have a practice? Is it possible to have one? Is it possible to not
have a practice?



....practice is simply remembering that just as everyday the body must be
fed food, the mind fed words, the heart fed sensations, the spirit must be
fed love (eros, storge, philia and agape)...the body and not body are not
the self...the mind and not the mind are not the self....the heart and not
heart are not the self...the spirit alone is is spirit itself
enfolds all of these including itself in an integral embrace of love
embracing love and unfolding love itself...this is what my daily practice
has taught me...not as to what and how each of us practices...there are many
dharma doors...many paths ...many ways...but they all end at the top of the
same sacred mountain.....^^~~~~~

further up and further in,

white wolfe


The natural mind which is present in everyone is already enlightened.
This need not be taken on faith but can be understood directly if one stops
the things one is continually doing. A practise is a way of stopping doing, of
not-doing. It's a way of being detached; from knowledge, from mental states...
Detachment is not what it's all about, understanding is.
It seems to me that there are stages one goes through in practise, one might
start out with a goal in mind, then after a while, one might no longer have a
but still keep practising for the pleasure of it and the benefits like calmness
clarity it seems to imbue, and finally one might just practise for no reason,
it just
being integral to the day's being. This seems to be the case whatever the
practise is.



ºWhat does it mean to have a (spiritual) practice?

I couldn't possibly know how it is to have such a practice
but during life I met a few practitioners of Hatha Yoga,
Tibetan Buddhism, "renegade" Tibetan tantra, and Hare Krishna's...
And as a "strong" figure of speech, "I would rather be dead" than
having to live with the "results" of such practice...
(The practitioners weren't particularly happy despite long practice...)

ºWould you say you have a practice?

I didn't have a practice, being "thrown into awareness" without
prior knowledge of anything called "spiritual". An analogy can be found
in the "Asterix" cartoons - the case of Obelix...

ºIs it possible to have one?

Of course - it would be a sensible approach to "undo" the involuntary
conditioning, one has been exposed to since birth...

ºIs it possible to not
ºhave a practice?

Yes - that happens when conditioning wasn't accepted but only "acted when
and the greatest one (saying "this" but doing "that") didn't enter the mind...



Some want to become enlightened. They seek this not to find the truth
of who they are. Rather, they wish to become the next buddha or the
next christ. Once this exalted state is reached they plan to save the

Ahem... there can be only one!


Peace - Michael


What a dumbass thing to say. Only one - HA!

OK - wise guy - which one is it?

EVERYONE! hooha!

Peace - michael


Now you see it now you don't.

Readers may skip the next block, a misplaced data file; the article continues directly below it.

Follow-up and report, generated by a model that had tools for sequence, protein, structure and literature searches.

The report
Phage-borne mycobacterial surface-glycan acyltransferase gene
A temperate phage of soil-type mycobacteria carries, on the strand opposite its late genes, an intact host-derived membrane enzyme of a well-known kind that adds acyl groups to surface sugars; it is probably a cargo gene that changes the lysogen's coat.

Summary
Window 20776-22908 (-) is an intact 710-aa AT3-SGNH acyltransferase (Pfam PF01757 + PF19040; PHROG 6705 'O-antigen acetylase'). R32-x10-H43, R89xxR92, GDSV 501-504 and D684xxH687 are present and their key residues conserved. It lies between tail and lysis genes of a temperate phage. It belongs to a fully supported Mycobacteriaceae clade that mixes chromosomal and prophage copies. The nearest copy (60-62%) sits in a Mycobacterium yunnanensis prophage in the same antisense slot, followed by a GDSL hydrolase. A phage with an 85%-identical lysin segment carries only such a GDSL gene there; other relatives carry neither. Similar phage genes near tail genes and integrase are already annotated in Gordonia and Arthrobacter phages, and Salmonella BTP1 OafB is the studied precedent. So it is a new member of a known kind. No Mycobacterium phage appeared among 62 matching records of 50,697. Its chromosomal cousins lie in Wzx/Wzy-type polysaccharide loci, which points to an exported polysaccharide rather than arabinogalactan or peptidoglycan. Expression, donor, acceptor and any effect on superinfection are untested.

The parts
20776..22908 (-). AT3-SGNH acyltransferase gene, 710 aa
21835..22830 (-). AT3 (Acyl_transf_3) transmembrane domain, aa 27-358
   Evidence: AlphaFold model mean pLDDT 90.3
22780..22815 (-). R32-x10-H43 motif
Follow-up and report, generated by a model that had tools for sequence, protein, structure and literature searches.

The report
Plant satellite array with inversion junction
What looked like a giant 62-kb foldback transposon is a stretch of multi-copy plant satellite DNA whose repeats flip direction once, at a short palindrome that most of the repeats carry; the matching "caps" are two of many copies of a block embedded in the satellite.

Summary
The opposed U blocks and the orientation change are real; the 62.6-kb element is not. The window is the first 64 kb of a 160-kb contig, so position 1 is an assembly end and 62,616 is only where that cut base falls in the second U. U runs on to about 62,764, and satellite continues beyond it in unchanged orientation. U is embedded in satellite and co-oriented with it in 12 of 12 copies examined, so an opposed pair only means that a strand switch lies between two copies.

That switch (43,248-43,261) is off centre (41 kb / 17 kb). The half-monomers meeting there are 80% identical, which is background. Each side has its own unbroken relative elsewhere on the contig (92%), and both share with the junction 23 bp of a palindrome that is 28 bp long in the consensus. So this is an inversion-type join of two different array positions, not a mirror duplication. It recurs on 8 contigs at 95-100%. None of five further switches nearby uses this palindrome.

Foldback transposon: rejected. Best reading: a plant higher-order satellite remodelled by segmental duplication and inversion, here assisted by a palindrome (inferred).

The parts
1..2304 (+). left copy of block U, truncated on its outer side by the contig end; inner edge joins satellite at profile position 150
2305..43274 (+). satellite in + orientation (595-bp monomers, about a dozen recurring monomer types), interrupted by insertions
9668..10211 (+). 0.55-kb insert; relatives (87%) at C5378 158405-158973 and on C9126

Abacadabra and hocus pocus.

Tag! You are what you seek.
Who? Me?
Yes, dear, you!
But I'm so ordinary!
Yes, just another divine thing.



Peace - Michael


James Bean sent this:

The Light of God is Within Everyone

Spending time daily in
silent meditation helps us
commune with our true self and the Divine
Power that created us. Those moments are
filled with bliss, peace, and love. As we
enter the inner sanctum of our hearts, we
find that there is Light within us. That
Light is the Light of the Creator. The
realization dawns on us that the same Light
that is within us is in all other human
beings. We start to recognize that Light
within others. Then the outer differences
that separate us start to dissolve. We no
longer see a person's hair color, eye color,
or skin color. We no longer see the way
people dress or speak. Instead we see one
Light expressed by many different outer
coverings, each beautiful in its own way.

-- Sant Rajinder Singh, from, "Living Human Unity"


Dear Jerry,

A spiritual practice is a prayer/meditation discipline
which one does regularly, like daily. Practice
differs from person to person. It also varies with
various stages of a person's spiritual path.

Mine for about a decade now has involved praying the
Liturgy of the Hours each early morning almost without
fail. Not that that is a personal triumph to be proud
of. But my life does not "hold together" if I skip
the discipline. The Psalms, said very slowly and out
loud, lead me into deeper listening to my True Self,
my God in Christian terms.

After my January two week retreat with the Camaldolese
at Big Sur C A, I have begun to use their sung office
of Vigils and Lauds each day. So rich to slowly
sing, with deep breaths between each psalm verse, the
poetry of the sacred literature of the
Judaeo-Christian Tradition.

I have developed the practice of "journaling" in the
margins of my Liturgy of the Hours book. A psalm line
or word will bring to mind a person or an
event/situation for which I pray - including me and my
own "situations" - and so I jot down a name and a
date. Now. a decade later, it is fascinating to see
my life and my concerns held together in my prayer and
to realize how God's Way was worked with that

So, Jerry, you asked about practice and I hope my
sharing some of mine has been helpful to you and
others. Perhaps others will be specific about their
practice in the Merton Group.

Patrick Collins, Group Moderator